The Importance of Taking Risk

by: Patrick | The Constant Analyst

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the-importance-of taking risk

You might not actually be jumping off a cliff, but sometimes the important things we’re called to do can feel the same way.

Someone I mentor called me the other day to get some career advice. He’s been looking for a Finance job for a while. He interviewed at a bank for a credit analyst position and called me the day he was turned down. He was wondering how they came up with this decision as he felt he was a very strong candidate and received promising indications from them throughout the interview process. I told him he should call the hiring manager and ask him out to lunch. Tell him that you’re just hungry to learn from your experiences and anything feedback he could give you would be helpful. Ask him what top three things you could do to better prepare yourself for that line of work. He called once, emailed, then called twice, and after three times he got a hold of the guy and they went out to lunch.

What a (perceived) risk. An entry-level interviewee who just faced rejection asking the hiring manager to lunch time after time? Turns out, taking that risk not only led to some good advice, but the hiring manager sent his resume to a contact at another bank and resulted in him getting hired in a better position than the one he interviewed for. If he had never stepped out there, asked for what he wanted, and been persistent, he would likely still be looking for a job. Taking a risk paid off.

So many times we avoid those difficult moments that put us out of our comfort zone. We might not flat out deny these opportunities, but we delay and let them pass. Here are some things to remember when it comes to taking risks.

Risk implies the chance that things might not work out the way we expect. The unknown is scary. We think to ourselves “what if the worst happens to me?” This kind of thinking is easy, but it over-weights the probability of very bad things happening to us. It is human nature to focus on catastrophe and disassociate it from actual probability. Just think about anyone who thinks about crashing in a plane, or dying in a terrorist attack. Odds are they have nothing to worry about.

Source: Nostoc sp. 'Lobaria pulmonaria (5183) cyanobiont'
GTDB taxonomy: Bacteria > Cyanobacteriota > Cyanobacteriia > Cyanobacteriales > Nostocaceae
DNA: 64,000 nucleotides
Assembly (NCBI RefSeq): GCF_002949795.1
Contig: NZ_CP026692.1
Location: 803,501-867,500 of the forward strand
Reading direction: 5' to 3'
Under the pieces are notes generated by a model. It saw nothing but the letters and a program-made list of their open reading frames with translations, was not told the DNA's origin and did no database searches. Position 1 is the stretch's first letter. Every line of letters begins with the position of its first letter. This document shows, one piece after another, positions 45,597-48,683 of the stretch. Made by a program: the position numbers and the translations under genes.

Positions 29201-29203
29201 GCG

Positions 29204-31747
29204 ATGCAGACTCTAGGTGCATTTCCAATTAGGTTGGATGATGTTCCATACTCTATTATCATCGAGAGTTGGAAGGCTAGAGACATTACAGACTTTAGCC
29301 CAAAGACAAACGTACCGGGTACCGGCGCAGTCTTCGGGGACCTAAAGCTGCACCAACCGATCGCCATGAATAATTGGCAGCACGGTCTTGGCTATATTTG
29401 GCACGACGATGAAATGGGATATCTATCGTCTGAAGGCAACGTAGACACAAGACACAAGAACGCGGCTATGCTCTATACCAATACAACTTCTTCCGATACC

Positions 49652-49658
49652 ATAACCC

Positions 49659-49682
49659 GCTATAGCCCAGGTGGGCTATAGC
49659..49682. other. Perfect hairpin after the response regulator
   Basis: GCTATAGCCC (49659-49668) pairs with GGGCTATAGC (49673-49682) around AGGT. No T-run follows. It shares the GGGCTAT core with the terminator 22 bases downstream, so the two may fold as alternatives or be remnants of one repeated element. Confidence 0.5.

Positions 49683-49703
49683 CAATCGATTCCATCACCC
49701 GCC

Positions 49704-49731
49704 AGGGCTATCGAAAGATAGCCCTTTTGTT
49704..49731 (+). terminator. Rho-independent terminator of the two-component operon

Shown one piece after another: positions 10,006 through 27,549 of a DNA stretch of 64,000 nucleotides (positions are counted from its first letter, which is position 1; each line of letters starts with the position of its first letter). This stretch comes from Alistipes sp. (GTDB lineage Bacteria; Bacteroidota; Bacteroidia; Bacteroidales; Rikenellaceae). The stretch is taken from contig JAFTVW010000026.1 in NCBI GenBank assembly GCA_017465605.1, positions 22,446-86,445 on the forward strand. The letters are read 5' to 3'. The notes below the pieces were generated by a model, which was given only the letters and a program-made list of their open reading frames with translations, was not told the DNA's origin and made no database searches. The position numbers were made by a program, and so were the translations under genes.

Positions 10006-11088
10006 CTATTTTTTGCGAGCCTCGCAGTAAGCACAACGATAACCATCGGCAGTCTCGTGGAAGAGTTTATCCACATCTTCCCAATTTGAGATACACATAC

Risk makes us feel alive. Life without risk is life stuck in a rut. If you feel like your job or your life is getting boring and monotonous, then you’re not taking enough risk. The fact is we’re built to take risk. We need change and growth in our lives. If you are not growing, then you are dying. Realize that nothing in this world truly stays the same.

What is the worst that could happen? When we take risk we also neglect to think through the proper undesirable outcome and what the actual impact is that it might have on us. Think about my mentee. I’m sure it could have been a very bad experience for this young person to ask this manager out to lunch. Perhaps he could have received a very loud, explicit rejection. That would not be pleasant. OK, so what? Who cares if you get cussed out on the phone, wouldn’t that have been worth trying? Ultimately, when I gave him that advice, he initially perceived only the downside to taking that risk. In the end, not only did the upside outweigh the downside, but in reality the downside was almost non-existent.

Risk stretches us and helps us grow. It is getting out of our comfort zone and doing something different. We learn by experience. Risk teaches us more about ourselves and helps us improve. How much better are the experiences we gain through failing when trying something big? How much do you learn from taking risk and seeing the outcome? These are things you don’t pay tuition for, you learn by doing.

Don’t let your fear of failure stop you. This is many times the single biggest obstacle that prevents us from reaching our full potential. We worry about what will happen if/when we fail. Realize that failure is relative. What you may interpret as a failure, someone else might see as a valuable learning experience. Often failure is only failure to the extent you see it that way.

What if true failure meant wasting your talent? What if failure was delaying action and missing opportunities because you didn’t take that risk?

You feel most alive when you’re doing what you were made to do. We’re all meant to grow not stay the same. Everyone has greatness in them if they challenge themselves enough. Don’t your perception of risk stop you. Think about the people in the video. Some may remark how ridiculously dangerous ski BASE-jumping off a cliff is. They risk their lives for this. I’m sure they would argue that taking that risk, for them, is actually what keeps them alive. They are doing what they were meant to do, and in turn inspiring others to do the same.

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